Johns Hopkins University is known for its prowess in training students for the medical profession. Last night in Baltimore, however, it was Harvard's surgically efficient swimming machine which did the operating as the Crimson anesthetized the Bluejays, 64-47. The only thing the Johns Hopkins students learned was that being a division III swimming power (Hopkins has captured the national title at that level for the last two years in a row) is not the same as being a division I power--as Crimson coach Joe Bernal's stable of seahorses is rapidly becoming.
Harvard, whose unblemished dual meet record now stands at 11-0, reeled off victories in the meet's first nine events to burst out to a 60-19 lead before showing some mercy in the later races.
The Crimson's Tim Maximoff, Jack Gauthier, and Steve Schramm all broke Hopkins pool records during the early slaughter. Maximoff followed Harvard's victorious medley relay with his standard-breaker (16:04.48) in the 1,650-yd. freestyle to give the Crimson a 12-4 cushion after two events.
The 1,000-yd. freestyle is usually swum as the second event in dual meet competition, but with both squads tuning up for the upcoming championship meet season, the longer distance was substituted.
Gauthier, who like Maximoff is only a freshman, stepped up next in the Crimson hit parade to lead a 1-2 Harvard sweep in the 200-yd. freestyle with a 1:43.87 clocking. Senior sprint stud Malcolm Cooper was second in 1:46 flat.
Yet another Yardling, Ron Raikula, splashed to an impressive two-and-a-half second victory in the next race, the 200-yd. individual medley. Recently-returned sophomore sensation Julian Mack continued the Crimson string of triumphs by blasting across the pool and back in a scant 21.92 seconds.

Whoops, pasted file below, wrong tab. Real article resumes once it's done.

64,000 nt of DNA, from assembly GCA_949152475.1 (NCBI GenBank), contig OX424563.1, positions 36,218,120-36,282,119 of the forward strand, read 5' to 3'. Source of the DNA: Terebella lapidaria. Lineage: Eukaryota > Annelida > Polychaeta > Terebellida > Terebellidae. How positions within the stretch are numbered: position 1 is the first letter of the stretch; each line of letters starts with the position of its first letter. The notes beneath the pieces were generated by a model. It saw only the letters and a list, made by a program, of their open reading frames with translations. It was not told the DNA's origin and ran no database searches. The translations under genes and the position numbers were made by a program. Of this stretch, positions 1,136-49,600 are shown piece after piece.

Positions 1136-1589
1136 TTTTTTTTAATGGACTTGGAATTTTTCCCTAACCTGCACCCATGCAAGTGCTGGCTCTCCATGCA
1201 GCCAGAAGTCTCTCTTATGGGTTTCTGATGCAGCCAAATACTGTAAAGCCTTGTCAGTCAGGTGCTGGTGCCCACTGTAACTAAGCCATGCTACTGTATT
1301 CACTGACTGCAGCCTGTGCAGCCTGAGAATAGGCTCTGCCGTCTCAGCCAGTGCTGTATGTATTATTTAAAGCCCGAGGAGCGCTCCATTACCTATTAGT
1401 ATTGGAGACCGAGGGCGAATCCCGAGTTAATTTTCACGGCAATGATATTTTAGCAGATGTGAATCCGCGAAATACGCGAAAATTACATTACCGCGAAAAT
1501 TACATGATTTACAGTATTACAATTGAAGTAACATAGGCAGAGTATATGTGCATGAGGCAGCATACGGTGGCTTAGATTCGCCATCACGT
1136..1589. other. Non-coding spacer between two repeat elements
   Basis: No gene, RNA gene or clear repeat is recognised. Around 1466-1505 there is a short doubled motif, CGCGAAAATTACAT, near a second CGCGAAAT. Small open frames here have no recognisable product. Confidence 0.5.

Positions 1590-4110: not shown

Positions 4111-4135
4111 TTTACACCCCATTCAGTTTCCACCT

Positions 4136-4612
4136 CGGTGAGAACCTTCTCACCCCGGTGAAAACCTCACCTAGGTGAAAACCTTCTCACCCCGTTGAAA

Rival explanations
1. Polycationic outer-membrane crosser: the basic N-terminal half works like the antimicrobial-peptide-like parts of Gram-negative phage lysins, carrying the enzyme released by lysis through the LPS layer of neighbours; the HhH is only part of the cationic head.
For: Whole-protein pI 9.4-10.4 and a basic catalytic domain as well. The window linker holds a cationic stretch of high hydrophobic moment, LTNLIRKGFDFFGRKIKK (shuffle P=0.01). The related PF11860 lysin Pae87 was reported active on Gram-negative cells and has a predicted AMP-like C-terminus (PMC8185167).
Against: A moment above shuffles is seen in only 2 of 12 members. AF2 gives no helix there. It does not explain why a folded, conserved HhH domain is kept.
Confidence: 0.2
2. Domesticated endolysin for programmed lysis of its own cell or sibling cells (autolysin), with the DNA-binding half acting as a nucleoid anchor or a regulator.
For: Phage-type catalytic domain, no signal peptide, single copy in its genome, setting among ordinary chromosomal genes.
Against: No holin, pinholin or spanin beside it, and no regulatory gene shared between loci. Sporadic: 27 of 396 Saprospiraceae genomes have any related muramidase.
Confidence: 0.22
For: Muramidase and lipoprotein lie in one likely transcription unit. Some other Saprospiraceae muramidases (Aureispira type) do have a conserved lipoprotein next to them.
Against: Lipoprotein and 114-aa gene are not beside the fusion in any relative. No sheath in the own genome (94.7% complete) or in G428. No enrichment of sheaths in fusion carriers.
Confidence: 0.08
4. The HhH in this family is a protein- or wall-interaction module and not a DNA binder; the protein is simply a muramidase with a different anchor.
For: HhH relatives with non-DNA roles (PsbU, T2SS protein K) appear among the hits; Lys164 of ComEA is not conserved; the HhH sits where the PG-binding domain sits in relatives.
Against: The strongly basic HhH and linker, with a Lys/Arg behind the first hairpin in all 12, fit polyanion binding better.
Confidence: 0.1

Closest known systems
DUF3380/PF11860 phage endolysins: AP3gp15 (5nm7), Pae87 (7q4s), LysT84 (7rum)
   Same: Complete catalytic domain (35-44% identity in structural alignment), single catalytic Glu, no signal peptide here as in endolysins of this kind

Bernal's overpowering lineup of aquawonders then proceeded to cop both of the first two places in the next four events in a row, thereby clinching the meet before the Bluejay navy had a chance to set sail.
Steve Schramm, who is surpassed only by Cornell's Paul Steck among Eastern divers in his acrobatic excellence on the springboards, smashed the pool record in both the one- and three-meter diving events, with totals of 305.35 and 328.0, respectively. The tandem of Schramm and senior Jamie Greacen swept both competitions, although the Crimson coaches had long-since ceased rolling up the points by the time the three-meter contest rolled around and entered their stars only as exhibition.
The strong second-year duo of Campari Knoepffler and Dan Menichella powered home with high 1:56's to sweep the 200 butterfly. After the indomitable Cooper and Kent Ashwood swept the 100 free, only Lee Menichella's sub-two minute effort in the 200 backstroke was needed to ice the meet for the defending Eastern League champs.
The Crimson travels north to Philadelphia for a meet with perennial Ivy doormat Pennsylvania this afternoon in what should be yet another one-sided warm-up for the big one--the Eastern championships here in Cambridge on March 1, 2, and 3.